Stocks rose 1.82 percent to a three-week high yesterday after the central bank surprised the market with a 25 basis point rate cut followed by a reduction in yields on government securities.
Foreign investors will continue to invest in the Colombo Stock Exchange based on attractively low valuations of Sri Lankan equities particularly against regional emerging and frontier markets, according to a report from NDB Stockbrokers (Pvt) Ltd.
Sri Lankan stocks gained more than 1 percent yesterday to hit a two-week high, recovering from a three-month low, as foreign investors bought blue chips.
NDB Capital Holdings PLC (CDIC) is believed to have divested 5 % stake of Aviva NDB Insurance PLC (CTCE) today as a part of the Aviva- American International Assurance Company (AIA) deal which is expected to occur either today or during the course of the week, informed sources said.
Sri Lankan stocks slipped to a three-month low yesterday in thin volume as high interest rates weighed on sentiment with investors shunning risky assets and moving in to highyielding government securities.
Sri Lankan stocks ended weaker on Monday with turnover slumping to a near five-month low as high interest rates sapped investor appetite for risky assets while many investors were away from the market ahead of a holiday.
Sri Lankan stocks recovered slightly from an 11-week low yesterday to end a run of six consecutive session losses, but dealers said high interest rates continued to cloud the market’s outlook and kept turnover low.
The indices of Colombo Stock Exchange (CSE) continued its downward flight for the fifth straight day amidst lack of buying interest on the board, both local and foreign, despite most of the shares now trading below t heir intrinsic values, according to stock market analysts and brokers.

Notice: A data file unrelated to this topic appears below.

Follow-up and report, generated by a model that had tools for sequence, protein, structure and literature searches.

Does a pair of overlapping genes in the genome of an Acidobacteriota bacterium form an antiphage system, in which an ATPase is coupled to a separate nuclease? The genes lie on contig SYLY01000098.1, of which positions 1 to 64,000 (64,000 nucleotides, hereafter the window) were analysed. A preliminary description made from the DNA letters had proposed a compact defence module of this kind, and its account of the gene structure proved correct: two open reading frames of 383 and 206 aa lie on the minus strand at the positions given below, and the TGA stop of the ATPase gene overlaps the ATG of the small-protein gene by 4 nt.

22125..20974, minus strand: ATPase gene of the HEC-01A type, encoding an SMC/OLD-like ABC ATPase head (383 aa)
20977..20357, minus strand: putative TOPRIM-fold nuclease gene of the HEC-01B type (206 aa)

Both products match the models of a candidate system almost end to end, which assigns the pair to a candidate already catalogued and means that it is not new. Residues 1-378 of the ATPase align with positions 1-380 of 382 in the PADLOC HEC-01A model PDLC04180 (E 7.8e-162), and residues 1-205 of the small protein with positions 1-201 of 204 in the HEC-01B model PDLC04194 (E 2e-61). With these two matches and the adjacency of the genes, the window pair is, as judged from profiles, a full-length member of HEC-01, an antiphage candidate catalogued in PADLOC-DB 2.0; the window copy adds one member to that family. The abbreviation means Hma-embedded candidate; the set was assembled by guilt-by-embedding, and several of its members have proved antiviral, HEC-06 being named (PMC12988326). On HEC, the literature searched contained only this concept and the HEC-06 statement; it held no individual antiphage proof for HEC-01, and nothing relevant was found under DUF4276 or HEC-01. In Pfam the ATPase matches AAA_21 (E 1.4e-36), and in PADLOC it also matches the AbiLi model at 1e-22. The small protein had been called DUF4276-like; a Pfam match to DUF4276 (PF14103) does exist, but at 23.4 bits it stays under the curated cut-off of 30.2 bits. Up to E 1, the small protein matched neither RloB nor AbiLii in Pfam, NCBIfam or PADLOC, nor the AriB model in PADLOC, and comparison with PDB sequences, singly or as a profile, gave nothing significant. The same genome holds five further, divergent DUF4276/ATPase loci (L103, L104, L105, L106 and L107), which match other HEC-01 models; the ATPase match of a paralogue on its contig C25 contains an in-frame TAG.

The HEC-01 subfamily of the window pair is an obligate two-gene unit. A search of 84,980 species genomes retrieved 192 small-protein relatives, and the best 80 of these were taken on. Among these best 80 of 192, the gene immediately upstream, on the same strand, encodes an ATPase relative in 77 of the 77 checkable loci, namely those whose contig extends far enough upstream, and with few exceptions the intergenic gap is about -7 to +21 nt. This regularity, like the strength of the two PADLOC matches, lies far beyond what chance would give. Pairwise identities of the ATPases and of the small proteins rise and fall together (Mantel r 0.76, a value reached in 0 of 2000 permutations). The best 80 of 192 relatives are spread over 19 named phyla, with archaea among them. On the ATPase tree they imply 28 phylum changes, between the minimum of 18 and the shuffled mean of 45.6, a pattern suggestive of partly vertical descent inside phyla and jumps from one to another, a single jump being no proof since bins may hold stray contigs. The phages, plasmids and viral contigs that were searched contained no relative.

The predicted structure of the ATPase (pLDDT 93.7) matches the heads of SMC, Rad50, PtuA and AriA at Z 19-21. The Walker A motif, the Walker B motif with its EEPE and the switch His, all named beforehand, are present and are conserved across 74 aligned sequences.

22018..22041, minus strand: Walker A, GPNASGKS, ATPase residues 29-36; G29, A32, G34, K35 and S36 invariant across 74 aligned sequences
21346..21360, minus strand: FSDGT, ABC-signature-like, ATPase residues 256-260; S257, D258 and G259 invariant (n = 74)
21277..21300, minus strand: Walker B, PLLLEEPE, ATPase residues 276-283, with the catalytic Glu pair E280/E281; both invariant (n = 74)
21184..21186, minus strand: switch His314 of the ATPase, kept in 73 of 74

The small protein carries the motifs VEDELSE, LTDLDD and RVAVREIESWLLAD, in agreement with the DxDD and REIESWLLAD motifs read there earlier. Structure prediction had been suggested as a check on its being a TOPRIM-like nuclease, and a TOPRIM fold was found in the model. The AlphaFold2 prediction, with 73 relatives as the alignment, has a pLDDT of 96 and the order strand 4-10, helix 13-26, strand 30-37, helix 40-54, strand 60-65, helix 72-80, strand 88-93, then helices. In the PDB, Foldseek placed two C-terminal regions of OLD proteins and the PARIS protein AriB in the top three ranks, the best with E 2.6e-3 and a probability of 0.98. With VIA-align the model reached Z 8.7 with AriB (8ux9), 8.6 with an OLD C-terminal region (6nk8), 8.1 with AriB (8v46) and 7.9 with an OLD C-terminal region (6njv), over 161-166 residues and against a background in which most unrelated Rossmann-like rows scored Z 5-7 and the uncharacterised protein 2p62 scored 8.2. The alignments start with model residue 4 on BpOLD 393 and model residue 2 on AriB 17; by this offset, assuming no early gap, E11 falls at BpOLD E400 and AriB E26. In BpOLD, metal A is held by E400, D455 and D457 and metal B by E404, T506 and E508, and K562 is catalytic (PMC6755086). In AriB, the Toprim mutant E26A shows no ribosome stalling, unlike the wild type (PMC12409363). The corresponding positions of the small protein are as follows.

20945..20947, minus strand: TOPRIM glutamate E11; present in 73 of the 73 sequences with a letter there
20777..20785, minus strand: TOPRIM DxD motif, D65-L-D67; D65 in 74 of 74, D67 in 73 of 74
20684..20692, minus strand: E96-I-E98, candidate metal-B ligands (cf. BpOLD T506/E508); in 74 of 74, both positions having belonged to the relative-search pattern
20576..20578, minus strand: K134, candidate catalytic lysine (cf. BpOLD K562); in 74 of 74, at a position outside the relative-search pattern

A report from credit ratings agency, Moody’s, has highlighted regulatory issues in the Securities and Exchange Commission (SEC) and growing tension between the judiciary and the government as posing downside risks to Sri Lanka’s institutional strength.
The Securities and Exchange Commission (SEC) of Sri Lanka released its roadmap for capital market development over the next three years yesterday.
Sri Lankan stocks eased to their lowest in eight weeks yesterday in light trade. Retail investors sold bank and finance shares but many stayed away, waiting for direction from next week’s budget and corporateearnings.
Issuing a media statement yesterday, the umbrella body for Sri Lanka’s brokering community, the Colombo Stock Brokers’ Association (CSBA) welcomed the change made by the SEC
Sri Lankan stocks dipped yesterday to a more-than seven-week low as most investors waited on the sidelines ahead of the announcement of 2013 budget, while the rupee fell on importer dollar demand, dealers said.
The genuine investors and independent minority shareholders (IMS) were rudely surprised and shocked by the recent relaxation of rules on broker credit and restrictions on broker dealings by the Securities and Exchange Commission (SEC), a longstanding minority shareholder activist in the country said.
The removal of credit restrictions by the Securities and Exchange Commission (SEC), effectively providing brokers with the facility to extend more credit, met with strong positive and negative feedback from market analysts on both sides of the issue.
The Securities and Exchange Commission (SEC) yesterday decided to significantly relax rules on broker credit and restrictions on short-term trading by directors and workers of stockbroking companies.
Sri Lankan stocks ended weaker for a fourth straight session yesterday on profit taking in hotel shares while the rupee edged up on dollar sales by a staterun bank.
Sri Lankan stocks ended weaker yesterday for a second straight session as investors booked profits from an overbought market, while the rupee slipped from a more than four-month high.
Sri Lankan stocks ended slightly firmer yesterday as investors picked up banking and diversified shares while block deals pushed turnovers to an eight-month high, dealers said, while the rupee firmed as banks sold dollars.
The Securities and Exchange Commission of Sri Lanka has issued a consultation paper aimed at tightening regulations pertaining to disclosures and governance in related party transactions.
Sri Lankan stocks fell 1.4 percent yesterday as investors booked profits across the board in an overbought market after a 15-session rally.
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